Social Science blog

02 November 2012

Did the Olympics do the trick?

At last! The Olympics are over but not for yours truly! My BBC DVD of the event arrived on Monday and since then me and the cats have been reliving it all. Now I can stop watching my ‘England wins the Ashes’ DVDs when the TV is too full of soaps, antiques programmes and reality shows (i.e most of the time) and switch to some multi-sports. And it’s almost better the second time around: Bert le Clos enthusing about his son’s gold medal in the swimming; our first gold medal in the women’s coxless pairs; Bradley Wiggins; Jess Ennis. How fab it all was!

Now there’s other good news: after five years of zero growth the UK economy has been reported as coming out of recession, with a 1% growth rate for the last quarter. This has taken pundits by surprise, and has been partly put down to the Olympics, ticket sales for which contributed approximately a fifth of the increase in GDP. No only this, but there was a reported £500 million underspend on the Olympic budget.

The economic cost/benefit analysis of the Olympic & Paralympic Games is clearly well under way. And it is obvious - anecdotally - that there have been winners and losers already: the BBC & NBC saw viewing figures and potential revenues shoot up; some retailers, on the other hand, lamented the lack of people on the high street during Games time. It’s still early days though and the final analysis – if there can ever be such a thing - will take ages to complete with numerous factors having to be taken into account.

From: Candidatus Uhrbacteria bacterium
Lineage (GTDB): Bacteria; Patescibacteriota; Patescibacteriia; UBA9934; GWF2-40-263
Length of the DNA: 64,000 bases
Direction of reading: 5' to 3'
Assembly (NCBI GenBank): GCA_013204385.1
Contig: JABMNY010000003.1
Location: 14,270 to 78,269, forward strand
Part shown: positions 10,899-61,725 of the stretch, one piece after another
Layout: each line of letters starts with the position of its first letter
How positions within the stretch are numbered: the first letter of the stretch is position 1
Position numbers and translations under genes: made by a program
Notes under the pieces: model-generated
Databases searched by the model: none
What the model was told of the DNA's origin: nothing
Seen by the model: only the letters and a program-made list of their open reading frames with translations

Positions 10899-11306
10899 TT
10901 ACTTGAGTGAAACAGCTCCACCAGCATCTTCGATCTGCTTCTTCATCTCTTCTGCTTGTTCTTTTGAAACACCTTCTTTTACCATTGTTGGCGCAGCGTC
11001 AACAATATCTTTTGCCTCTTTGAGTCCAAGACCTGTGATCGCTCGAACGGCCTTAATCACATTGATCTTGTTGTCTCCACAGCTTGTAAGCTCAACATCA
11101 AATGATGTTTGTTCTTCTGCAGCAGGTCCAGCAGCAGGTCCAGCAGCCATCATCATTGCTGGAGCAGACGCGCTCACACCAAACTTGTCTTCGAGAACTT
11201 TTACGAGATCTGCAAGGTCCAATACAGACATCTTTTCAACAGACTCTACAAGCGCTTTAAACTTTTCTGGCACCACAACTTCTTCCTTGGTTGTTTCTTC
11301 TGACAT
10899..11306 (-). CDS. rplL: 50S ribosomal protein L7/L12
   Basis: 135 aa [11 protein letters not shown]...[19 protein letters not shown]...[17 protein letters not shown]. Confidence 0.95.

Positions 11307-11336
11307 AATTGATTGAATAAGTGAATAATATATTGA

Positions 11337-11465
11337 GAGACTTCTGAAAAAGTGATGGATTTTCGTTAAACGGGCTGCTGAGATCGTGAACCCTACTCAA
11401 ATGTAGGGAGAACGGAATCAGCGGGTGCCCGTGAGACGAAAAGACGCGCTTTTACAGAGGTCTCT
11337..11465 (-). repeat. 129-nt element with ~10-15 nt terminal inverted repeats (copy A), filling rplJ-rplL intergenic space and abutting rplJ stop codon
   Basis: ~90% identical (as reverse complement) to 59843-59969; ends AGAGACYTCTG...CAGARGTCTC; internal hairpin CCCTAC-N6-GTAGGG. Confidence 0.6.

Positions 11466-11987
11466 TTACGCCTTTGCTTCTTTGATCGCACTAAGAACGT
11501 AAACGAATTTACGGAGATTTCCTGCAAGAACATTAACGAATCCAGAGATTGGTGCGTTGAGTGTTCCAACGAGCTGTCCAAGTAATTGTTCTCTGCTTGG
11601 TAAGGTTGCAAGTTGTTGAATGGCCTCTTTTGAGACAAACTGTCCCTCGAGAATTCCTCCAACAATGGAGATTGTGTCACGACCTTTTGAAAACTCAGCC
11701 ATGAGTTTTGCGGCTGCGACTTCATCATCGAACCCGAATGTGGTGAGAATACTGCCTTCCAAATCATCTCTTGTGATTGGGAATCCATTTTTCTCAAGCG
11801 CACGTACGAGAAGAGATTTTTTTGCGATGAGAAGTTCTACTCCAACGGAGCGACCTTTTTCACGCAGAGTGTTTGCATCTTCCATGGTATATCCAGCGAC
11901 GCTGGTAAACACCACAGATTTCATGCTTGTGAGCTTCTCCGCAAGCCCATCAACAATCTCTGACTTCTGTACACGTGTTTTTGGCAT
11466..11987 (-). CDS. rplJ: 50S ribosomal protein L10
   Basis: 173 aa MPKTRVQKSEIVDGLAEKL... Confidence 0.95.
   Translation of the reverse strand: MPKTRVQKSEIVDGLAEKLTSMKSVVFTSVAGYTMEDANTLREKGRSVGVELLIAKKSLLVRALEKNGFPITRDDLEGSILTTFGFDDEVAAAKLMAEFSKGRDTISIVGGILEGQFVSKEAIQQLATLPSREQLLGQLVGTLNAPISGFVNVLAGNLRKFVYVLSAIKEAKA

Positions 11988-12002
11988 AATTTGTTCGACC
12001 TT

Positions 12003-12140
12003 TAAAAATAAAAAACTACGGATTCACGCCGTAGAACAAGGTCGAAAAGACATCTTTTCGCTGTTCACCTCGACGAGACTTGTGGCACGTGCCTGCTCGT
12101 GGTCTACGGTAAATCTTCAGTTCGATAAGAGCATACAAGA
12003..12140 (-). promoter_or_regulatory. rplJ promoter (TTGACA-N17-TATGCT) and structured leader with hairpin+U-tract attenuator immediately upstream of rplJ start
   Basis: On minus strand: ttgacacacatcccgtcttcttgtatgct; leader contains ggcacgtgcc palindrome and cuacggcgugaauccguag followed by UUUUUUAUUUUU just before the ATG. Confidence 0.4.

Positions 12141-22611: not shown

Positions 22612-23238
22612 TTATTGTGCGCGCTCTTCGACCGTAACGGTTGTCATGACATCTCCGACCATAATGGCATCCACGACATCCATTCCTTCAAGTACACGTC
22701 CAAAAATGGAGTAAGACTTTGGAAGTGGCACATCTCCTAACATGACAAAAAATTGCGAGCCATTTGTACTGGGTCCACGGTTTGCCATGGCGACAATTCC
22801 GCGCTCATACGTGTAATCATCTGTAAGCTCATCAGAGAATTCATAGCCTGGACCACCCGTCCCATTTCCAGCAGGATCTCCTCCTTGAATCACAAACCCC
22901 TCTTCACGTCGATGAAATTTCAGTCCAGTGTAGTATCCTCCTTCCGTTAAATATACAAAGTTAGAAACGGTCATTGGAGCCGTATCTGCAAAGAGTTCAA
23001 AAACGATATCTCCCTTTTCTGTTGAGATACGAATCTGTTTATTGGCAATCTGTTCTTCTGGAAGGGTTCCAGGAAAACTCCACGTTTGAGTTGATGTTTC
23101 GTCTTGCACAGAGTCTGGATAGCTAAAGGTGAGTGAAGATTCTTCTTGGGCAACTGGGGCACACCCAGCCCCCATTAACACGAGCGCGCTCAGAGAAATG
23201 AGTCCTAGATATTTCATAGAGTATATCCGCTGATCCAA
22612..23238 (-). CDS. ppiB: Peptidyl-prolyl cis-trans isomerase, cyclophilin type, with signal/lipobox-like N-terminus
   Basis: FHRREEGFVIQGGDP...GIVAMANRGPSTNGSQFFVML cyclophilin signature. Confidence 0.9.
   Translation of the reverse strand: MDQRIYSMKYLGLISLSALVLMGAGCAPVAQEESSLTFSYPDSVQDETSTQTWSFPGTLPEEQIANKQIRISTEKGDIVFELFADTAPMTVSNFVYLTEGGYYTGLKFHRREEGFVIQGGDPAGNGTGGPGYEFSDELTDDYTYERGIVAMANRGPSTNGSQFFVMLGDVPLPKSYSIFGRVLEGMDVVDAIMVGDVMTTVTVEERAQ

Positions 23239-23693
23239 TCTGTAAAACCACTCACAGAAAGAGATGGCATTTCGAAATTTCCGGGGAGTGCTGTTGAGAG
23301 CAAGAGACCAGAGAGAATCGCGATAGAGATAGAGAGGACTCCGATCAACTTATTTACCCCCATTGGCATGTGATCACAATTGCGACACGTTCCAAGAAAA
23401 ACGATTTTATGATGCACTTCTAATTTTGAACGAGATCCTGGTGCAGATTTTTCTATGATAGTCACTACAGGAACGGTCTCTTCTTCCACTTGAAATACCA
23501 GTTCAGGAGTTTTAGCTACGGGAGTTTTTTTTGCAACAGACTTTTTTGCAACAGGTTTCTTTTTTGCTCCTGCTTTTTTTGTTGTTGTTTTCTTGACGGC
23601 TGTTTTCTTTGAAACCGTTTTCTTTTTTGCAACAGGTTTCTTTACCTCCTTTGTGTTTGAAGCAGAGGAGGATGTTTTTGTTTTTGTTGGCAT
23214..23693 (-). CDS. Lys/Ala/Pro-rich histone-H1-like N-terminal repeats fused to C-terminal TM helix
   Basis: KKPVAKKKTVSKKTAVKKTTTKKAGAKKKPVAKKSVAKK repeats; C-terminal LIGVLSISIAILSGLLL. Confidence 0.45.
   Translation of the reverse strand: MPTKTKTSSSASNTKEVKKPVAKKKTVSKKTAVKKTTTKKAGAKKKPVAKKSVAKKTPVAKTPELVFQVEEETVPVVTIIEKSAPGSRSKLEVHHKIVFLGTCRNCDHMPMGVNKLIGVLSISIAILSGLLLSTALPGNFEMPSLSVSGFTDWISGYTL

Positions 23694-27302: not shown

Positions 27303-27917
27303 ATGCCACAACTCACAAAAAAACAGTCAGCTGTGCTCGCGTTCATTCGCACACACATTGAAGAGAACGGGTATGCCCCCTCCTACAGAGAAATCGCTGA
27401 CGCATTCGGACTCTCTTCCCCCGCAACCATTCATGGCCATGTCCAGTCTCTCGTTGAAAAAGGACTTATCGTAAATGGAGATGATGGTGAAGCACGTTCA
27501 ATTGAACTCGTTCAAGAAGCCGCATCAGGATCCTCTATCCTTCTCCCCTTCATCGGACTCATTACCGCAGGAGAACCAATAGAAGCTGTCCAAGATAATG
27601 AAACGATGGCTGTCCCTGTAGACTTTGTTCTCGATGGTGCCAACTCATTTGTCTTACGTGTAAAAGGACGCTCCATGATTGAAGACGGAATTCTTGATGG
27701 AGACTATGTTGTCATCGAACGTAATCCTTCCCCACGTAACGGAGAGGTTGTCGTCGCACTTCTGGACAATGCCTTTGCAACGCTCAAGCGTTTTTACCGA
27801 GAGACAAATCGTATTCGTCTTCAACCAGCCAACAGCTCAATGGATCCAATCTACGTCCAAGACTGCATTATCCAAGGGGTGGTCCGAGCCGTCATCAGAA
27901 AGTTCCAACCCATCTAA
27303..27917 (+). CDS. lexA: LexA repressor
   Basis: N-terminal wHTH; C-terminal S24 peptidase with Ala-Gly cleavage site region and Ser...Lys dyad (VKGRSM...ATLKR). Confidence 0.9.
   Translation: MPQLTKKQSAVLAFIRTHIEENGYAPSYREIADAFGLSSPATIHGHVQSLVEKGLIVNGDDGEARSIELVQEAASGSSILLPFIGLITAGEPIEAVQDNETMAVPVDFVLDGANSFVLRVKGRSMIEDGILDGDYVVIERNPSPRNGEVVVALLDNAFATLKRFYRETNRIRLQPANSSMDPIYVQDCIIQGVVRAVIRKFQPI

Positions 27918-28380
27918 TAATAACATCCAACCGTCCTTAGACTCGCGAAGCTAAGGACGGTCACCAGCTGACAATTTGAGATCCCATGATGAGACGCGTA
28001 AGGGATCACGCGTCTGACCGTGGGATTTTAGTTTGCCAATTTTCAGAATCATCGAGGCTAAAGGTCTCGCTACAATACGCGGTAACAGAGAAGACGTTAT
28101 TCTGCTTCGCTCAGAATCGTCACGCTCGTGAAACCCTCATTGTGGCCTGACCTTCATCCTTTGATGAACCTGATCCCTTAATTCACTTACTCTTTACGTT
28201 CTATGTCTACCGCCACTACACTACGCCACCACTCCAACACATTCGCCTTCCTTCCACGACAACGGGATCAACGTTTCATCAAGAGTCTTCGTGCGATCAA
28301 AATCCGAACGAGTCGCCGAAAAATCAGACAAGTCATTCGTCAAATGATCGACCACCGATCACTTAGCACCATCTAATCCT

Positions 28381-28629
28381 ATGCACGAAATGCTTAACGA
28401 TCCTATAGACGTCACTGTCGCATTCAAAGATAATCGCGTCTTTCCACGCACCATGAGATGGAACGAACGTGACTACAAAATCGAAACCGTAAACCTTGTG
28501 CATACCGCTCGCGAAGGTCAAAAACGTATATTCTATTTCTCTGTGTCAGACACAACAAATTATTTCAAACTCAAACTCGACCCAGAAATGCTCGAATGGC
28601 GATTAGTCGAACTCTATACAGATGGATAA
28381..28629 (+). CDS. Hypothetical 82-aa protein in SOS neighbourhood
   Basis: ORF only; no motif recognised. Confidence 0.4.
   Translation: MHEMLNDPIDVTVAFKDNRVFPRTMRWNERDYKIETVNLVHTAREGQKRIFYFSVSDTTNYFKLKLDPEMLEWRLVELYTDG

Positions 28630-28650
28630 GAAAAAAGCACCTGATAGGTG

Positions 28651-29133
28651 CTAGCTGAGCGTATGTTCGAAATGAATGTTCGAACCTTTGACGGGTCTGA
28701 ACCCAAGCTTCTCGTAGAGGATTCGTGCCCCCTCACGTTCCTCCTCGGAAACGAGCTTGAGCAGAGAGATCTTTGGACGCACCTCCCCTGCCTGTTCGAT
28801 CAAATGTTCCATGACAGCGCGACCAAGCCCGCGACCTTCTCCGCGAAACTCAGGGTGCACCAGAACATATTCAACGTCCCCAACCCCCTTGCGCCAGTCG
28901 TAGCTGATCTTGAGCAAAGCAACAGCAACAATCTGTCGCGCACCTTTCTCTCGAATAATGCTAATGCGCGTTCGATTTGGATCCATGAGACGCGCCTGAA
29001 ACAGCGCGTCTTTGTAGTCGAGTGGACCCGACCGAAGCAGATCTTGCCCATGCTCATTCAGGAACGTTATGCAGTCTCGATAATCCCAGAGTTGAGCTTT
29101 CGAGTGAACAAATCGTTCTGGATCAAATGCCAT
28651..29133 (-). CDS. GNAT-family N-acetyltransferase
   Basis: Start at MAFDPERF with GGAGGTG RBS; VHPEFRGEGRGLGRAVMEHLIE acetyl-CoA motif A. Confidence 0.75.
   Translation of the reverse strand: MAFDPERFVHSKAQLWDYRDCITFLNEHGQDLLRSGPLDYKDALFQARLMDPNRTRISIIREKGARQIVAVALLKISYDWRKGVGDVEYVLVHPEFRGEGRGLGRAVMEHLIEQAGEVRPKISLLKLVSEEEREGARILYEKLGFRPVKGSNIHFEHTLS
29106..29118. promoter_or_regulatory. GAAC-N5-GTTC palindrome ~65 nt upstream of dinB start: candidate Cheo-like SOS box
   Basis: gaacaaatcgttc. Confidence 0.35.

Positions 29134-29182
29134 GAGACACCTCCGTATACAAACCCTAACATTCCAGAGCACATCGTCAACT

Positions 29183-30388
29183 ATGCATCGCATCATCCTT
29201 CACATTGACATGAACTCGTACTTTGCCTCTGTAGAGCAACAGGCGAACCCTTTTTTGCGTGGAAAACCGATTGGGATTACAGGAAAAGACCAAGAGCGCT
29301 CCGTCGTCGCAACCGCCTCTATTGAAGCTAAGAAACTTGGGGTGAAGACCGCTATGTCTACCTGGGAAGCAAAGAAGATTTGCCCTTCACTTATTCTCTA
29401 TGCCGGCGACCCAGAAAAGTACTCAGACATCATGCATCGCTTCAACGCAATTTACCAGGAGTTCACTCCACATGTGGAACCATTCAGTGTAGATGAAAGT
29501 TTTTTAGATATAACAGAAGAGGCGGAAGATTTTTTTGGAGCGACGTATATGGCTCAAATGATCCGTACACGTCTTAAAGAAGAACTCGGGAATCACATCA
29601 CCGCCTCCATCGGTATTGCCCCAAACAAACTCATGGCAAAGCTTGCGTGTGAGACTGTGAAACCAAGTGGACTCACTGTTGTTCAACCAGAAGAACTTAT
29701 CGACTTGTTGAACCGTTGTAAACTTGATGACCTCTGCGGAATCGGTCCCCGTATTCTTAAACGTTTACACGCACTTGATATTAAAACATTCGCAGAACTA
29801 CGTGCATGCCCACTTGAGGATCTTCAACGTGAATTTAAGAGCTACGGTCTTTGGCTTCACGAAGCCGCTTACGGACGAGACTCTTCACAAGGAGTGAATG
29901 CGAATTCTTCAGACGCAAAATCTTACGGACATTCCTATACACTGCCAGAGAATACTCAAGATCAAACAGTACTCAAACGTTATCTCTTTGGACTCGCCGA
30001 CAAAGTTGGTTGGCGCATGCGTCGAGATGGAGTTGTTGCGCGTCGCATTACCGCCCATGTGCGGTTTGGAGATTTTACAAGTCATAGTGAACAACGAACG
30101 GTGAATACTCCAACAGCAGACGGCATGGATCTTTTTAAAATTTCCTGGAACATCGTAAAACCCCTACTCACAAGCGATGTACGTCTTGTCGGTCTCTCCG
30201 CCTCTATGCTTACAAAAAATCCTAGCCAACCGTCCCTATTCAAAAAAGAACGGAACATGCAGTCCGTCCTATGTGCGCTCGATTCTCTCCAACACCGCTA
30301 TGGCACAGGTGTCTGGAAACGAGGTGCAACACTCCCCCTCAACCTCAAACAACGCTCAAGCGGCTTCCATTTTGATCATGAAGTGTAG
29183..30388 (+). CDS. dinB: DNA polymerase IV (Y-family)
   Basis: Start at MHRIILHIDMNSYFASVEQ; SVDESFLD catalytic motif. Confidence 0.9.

The DCMS helpfully explains the process on its website: According to the Department “a post Games initial evaluation will be published shortly after the Games, in spring/summer 2013. Prior to this, a number of interim outputs will also be published. Further research will be commissioned separately to look at the effect of the Games up to around 2020”. The Government has taken an optimistic view already and has estimated a potential £13 billion benefit to the UK economy in the next five years:

The many reports coming out of this research are keenly awaited, and DCMS has asked that anyone undertaking legacy research should let them know by filling in a form to be found on the webpage above. That way, track can be kept of what findings exist, where they are, and who has worked on them. With luck, that information will be available to researchers many years hence. And that’s what real legacy is all about!


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